To start this open and publicly accountable debate, we have attached a list of questions that have been previously posed to you in several formats. Please make your answers, the questions themselves, and this letter available on your website and/or any other public forums of your choice.
We were personally very disappointed by the disingenuous comments of Christina Chen to the Spectator indicating that we were uninterested in engaging in dialogue. We are fundamentally interested in engaging in dialogue. Indeed, this has been one of our primary concerns from the outset. The question is how that dialogue should take place. Only in the public arena, where all students can access and discuss all views while participating and holding all parties accountable, can we hope to make any meaningful progress.
We look forward to your swift response to these questions.
Thomas de Swardt
Timothy de Swardt
- How many Columbia students do not support your hunger strike? Can you provide any kind of quantitative data for this?
- Have you publicly acknowledged their dissent, and how will you reconcile yourselves with these individuals, if at all?
- Can you provide any kind of data about how many Columbia students support your hunger strike?
- If not, have you taken any measures to try and get this kind of information?
- Do you have evidence that your views are representative of the entire student body?
- If not, why do you feel that you have the right to impose your vision of Columbia onto those who may not agree with it?
- What gives you the right to negotiate with the administration on issues that will affect, at the very least, the entirety of Columbia College, if you are not certain that you have majority support?
- In your statement, you say that you “strike to re-imagine the university as a more democratic place….where students have a deciding say in this university.” If you have not taken steps to make sure that you are representing the opinion of the majority of students, this appears to be contradictory. How is your vision a democratic one if it is not representative? How do you respond to this apparent contradiction?
- Do you not think that your demands should be channeled through a student organization that is democratically elected?
- Have you created an atmosphere where all students can participate in discussion of your demands, equally and without fear? Why or why not?
- Have you marginalized students who may support some or all of your arguments but question your legitimacy and methods?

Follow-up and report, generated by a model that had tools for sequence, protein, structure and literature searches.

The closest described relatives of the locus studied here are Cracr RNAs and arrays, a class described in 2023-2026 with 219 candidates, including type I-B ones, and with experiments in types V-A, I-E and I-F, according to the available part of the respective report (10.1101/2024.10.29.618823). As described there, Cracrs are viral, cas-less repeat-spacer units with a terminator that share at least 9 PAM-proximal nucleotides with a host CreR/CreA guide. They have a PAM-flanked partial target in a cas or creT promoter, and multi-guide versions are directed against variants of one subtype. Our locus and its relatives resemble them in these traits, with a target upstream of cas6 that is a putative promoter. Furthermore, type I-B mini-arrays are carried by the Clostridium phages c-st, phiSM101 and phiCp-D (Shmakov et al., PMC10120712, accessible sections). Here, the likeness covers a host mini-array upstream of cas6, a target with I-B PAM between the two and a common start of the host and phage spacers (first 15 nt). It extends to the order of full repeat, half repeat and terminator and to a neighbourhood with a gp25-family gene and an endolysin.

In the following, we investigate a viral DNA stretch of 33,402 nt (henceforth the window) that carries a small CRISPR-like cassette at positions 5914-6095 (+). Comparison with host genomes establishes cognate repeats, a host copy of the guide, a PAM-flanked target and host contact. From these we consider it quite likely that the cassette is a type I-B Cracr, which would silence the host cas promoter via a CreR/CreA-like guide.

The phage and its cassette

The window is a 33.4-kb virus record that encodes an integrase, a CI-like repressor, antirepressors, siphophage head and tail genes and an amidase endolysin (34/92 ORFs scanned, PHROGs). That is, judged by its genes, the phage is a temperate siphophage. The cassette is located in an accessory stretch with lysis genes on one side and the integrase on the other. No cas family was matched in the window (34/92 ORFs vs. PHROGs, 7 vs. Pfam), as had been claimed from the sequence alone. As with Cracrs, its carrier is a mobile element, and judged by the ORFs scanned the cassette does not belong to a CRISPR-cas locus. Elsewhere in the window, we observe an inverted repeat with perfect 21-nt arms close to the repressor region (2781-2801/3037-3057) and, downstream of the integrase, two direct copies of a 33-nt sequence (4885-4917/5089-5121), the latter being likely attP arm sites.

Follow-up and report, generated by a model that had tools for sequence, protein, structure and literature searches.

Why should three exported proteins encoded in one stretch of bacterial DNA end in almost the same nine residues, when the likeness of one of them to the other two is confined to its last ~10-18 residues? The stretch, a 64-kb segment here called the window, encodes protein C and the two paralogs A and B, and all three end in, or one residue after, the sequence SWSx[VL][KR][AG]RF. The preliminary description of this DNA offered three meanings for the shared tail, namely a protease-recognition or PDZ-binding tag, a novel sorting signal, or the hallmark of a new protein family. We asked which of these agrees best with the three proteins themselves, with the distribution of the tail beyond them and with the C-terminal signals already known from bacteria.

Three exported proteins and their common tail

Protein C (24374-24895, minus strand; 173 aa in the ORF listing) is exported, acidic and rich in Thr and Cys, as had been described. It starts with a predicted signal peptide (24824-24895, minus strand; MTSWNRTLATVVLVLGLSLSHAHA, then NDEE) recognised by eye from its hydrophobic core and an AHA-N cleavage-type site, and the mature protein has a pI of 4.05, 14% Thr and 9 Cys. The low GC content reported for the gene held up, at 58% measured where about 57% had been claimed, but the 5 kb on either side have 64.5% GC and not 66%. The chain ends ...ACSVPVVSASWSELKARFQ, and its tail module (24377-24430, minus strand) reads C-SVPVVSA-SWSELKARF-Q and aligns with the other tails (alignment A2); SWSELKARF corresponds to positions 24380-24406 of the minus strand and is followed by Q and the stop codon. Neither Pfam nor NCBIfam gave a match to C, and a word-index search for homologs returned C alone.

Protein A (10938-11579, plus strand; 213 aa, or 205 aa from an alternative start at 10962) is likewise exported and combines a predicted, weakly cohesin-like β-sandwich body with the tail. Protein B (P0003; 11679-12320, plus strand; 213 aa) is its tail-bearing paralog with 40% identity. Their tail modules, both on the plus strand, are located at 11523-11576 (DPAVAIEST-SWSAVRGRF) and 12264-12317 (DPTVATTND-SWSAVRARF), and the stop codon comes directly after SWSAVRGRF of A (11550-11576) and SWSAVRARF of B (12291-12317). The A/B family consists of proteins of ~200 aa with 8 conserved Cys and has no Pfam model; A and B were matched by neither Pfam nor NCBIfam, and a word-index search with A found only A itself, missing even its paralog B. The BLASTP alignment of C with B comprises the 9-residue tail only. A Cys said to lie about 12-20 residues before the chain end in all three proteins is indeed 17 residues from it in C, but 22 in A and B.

- If so, what actions have you taken to reconcile your methods with those mutually-shared opinions, if any?
- Prior to the hunger strike, had you exhausted all other options for furthering your demands? If so, provide concrete evidence and demonstrate what attempts you made to engage the greater student body in these efforts. Did you make clear that non-participation would result in a hunger strike?
- At which meeting was the decision made to go on a hunger strike? How many were present and how did the debate over appropriate action reach this final result?
- If concerned members of the Women’s Studies Department or the Human Rights Program went on a hunger strike demanding the reallocation of the $50 million set aside for a Major Cultures Seminar to their respective under-funded causes, would you support them? Why or why not?
- Returning to your commitment to “a more democratic place” for students, if your demand to allow more student voices on the Core Curriculum is implemented, and the majority of students still do not share your visions for the Core, what will you do?
- In a similar vein, you make the following demand: “Interested Ethnic Studies majors collectively, shown through a vote, must be given 1 or 2 votes (depending on committee size) which will be delivered by the current student positions on all hiring committees for junior and senior faculty to increase student presence and determination of CSER’s direction.” Is there any precedent for this in any other Columbia departments?
- Should this be something that is enacted across the board, or just in the Ethnic studies area? Why or why not?
- What kind of a precedent does a hunger strike set for those who have attempted to deal with these or similar issues in other ways?